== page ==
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Today is Tuesday, November 27, 2007


Parent Is Not A "Cross-Dresser" Superintendent Says

Francis-Howell School Policy Unlikely To Change

The recent controversy following a Castlio Elementary School field trip is not the fault of a parent labeled a "cross-dresser," but can be blamed on other parents and the media, according to Francis Howell school district Superintendent Dan O'Donnell.

O'Donnell said the district will issue a statement shortly after the holidays regarding the issues stemming from the October 18th field trip to Jefferson City. He said that statement will include very little in the way of a policy change. "Our policy already protects children and we already have a policy in place that deals with disruption," O'Donnell said.

He said that nothing out of the ordinary happened on the field trip#151;that the parent in question dressed as a woman, as had been the case for many years. "This person has been living as a woman for some time," O'Donnell explained.

What happened that made this school event different was the reaction of a few parents, O'Donnell said. Apparently those parents informed the media that the parent in question was a father who wore a woman's hairstyle, makeup, women's jeans and women's shoes. The disruption, he said was caused by those parents, not the parent painted as a "cross-dresser."

"This is not a cross-dressing issue," O'Donnell said, "This is a transsexual issue."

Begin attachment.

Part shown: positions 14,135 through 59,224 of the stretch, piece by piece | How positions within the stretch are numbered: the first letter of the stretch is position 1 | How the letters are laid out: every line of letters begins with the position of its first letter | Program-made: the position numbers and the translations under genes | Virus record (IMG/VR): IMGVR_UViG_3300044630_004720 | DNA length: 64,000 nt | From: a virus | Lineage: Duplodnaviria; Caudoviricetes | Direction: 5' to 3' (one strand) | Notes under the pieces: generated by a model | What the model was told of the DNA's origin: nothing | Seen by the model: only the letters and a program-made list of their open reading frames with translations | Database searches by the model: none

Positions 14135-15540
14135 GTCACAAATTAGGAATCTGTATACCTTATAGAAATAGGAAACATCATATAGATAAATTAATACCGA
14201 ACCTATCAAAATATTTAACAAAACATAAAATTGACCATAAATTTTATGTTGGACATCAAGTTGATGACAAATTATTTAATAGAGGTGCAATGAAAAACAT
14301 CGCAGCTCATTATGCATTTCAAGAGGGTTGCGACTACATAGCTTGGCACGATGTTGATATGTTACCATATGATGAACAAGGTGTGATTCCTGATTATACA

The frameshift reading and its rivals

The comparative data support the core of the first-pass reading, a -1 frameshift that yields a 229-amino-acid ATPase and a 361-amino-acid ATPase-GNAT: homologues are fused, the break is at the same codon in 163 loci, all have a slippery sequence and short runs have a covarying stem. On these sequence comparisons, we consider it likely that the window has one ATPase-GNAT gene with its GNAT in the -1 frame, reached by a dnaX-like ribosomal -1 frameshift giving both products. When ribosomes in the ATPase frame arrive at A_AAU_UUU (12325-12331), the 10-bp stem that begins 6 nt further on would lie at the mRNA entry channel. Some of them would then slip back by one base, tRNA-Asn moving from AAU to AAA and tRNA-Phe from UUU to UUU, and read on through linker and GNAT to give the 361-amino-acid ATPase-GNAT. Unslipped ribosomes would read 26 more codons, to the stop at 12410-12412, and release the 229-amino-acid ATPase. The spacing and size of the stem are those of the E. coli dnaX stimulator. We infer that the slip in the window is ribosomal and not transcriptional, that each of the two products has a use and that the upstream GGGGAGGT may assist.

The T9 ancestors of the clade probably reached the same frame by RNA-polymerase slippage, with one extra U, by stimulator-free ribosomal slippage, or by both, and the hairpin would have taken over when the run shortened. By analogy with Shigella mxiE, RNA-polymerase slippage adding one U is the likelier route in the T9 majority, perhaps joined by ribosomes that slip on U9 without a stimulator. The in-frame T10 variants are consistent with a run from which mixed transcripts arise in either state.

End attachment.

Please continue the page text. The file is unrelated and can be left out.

O'Donnell said he and the Castlio principal recently met with the father, who for years has volunteered at school functions. "He went on the trip because his daughter asked him to go," said O'Donnell. "If he had known it would have caused this much of an uproar, he wouldn't have gone," O'Donnell said.

The parent's identity has not been revealed, and he has not spoken publicly.

Since the field trip, some parents have pressed for the district to impose conduct and dress codes for parents attending school-related functions, though some board members have questioned whether it could do so constitutionally.

Vickie McMichael, whose daughter was part of the field trip, said she and other parents want a policy that would "protect our children and our parental rights." Alternatively, she has said she wants the school to let her know any time an identified cross-dresser is in the building so she can pull her child from school.

During a board meeting earlier this month, a man whose wife teaches at Castlio said in defense of the father that the man had been volunteering at school and attending parent-teacher conferences for at least eight years while dressed as a woman.

"No one has said a word. No one has had a problem with him until now," said Marty Hodits, 54.

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